Over the weekend, we were contacted by two employees from the City of Bismarck. While asking that they remain anonymous, they sent us some information that doesn’t exactly reflect very well on Mayor Mike Seminary. This comment sums up what they alleged to have happened:
“… a couple weeks ago during our work day, current mayor Seminary came through our department (and I expect most/all of the other departments in the City/County building) asking us if we were Bismarck residents and then if we’d be willing to sign his list for his re-election bid.”
Now, to some I suppose such a thing wouldn’t come across as problematic. But let’s consider this:
“I felt this was very unprofessional and put people in a strange position. He is our boss and I feel that’s not appropriate. It makes it very awkward for anyone that lives in Bismarck and does not want him to be re-elected.”
“… our thoughts were that it would be reasonable to think that if a person was a resident and said no, he could encourage department heads to treat us differently.”
Do these employees have a point? I believe they do.
Unfortunately, this isn’t entirely surprising that some of Bismarck’s city employee’s would feel uneasy about such things. As you may remember, last year when efforts were in place to recall Mayor Mike Seminary, the city compiled a list of Bismarck Police Department officer’s who had signed the recall petition. And after compiling the list, City Administrator Keith Hunke asked the state’s Bureau of Criminal Investigation (BCI) to interview them– a request that BCI denied.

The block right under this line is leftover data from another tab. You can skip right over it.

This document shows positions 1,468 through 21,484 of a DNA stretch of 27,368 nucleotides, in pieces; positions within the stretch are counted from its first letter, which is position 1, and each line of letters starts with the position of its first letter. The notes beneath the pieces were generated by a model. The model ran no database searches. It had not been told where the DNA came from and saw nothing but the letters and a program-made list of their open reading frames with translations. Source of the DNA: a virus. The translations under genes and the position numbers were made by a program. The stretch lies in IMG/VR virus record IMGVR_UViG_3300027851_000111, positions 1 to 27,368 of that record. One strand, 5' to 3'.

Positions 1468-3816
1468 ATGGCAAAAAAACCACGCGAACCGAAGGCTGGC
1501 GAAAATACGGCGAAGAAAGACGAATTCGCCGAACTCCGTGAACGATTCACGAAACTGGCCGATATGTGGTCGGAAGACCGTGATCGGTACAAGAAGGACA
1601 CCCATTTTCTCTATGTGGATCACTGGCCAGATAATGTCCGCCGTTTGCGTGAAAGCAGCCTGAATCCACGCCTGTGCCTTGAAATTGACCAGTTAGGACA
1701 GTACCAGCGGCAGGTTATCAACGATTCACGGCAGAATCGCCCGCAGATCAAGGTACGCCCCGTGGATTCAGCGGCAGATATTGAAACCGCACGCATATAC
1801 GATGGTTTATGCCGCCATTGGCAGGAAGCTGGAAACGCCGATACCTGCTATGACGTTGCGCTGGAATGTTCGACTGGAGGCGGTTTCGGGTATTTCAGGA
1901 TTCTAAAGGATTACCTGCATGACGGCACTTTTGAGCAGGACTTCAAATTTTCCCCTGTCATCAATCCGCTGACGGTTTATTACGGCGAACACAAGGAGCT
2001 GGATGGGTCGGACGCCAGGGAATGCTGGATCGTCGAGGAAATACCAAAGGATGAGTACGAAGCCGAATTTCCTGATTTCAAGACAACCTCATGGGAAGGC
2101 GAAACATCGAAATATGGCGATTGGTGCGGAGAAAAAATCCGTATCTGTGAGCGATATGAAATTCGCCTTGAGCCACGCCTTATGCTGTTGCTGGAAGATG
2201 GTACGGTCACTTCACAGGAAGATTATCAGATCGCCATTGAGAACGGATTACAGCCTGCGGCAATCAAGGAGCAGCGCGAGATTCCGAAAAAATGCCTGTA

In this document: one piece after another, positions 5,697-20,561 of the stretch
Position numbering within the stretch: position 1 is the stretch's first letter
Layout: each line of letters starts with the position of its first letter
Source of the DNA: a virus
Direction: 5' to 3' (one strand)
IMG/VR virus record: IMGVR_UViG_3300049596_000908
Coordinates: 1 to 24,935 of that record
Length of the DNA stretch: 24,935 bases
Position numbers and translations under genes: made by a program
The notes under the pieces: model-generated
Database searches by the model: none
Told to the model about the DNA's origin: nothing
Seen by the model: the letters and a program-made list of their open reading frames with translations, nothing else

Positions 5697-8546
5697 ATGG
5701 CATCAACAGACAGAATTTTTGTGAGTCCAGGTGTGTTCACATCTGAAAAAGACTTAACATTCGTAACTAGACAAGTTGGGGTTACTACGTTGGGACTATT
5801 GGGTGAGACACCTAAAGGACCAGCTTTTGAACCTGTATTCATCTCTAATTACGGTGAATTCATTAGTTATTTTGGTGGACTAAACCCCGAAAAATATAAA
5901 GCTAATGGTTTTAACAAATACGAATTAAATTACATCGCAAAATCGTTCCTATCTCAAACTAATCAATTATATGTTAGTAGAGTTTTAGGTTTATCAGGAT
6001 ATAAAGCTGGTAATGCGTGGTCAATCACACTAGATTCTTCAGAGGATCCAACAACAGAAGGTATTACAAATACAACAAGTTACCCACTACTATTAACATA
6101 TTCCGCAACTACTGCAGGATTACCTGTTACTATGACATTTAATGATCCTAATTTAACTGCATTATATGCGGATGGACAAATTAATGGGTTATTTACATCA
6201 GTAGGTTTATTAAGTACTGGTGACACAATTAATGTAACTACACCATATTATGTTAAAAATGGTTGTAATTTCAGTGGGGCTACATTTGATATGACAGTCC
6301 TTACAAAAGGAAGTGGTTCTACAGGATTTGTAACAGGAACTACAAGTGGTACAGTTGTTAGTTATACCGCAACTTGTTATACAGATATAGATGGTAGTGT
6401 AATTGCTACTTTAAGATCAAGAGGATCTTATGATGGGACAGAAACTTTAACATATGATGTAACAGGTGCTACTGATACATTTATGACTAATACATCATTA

While the city claimed that the request was simply part of a larger investigation about potential “fraudulent activity”, some were left to wonder if it was more about sending a message to those that had signed the petition.
Having said that, there’s also another aspect to this – that was pointed out by one of the city’s employee’s – which is certainly worthy of consideration:
“We also wondered if the other candidate(s) at the time would have been accepted and allowed into each department to request signatures if they were to show up at the building.”
This is an excellent question. If Seminary’s opponent, Steve Bakken, were to show up and want to gather signatures, would he have been permitted to enter city offices and have people sign his petition, as Mayor Seminary did his? I doubt it.
Intentional or not, these employee’s were put in an uncomfortable situation. And while some may argue that being asked to sign a petition isn’t the same as being asked to vote for the candidate seeking the signatures, it’s simply not appropriate for Mayor Mike Seminary to put any employee for the City of Bismarck in this position.
At best, this was an error in judgment. At worst, it could be perceived as an abuse of power. Either way, the situation has obviously shown there are serious issues of trust with Bismarck’s Mayor Mike Seminary.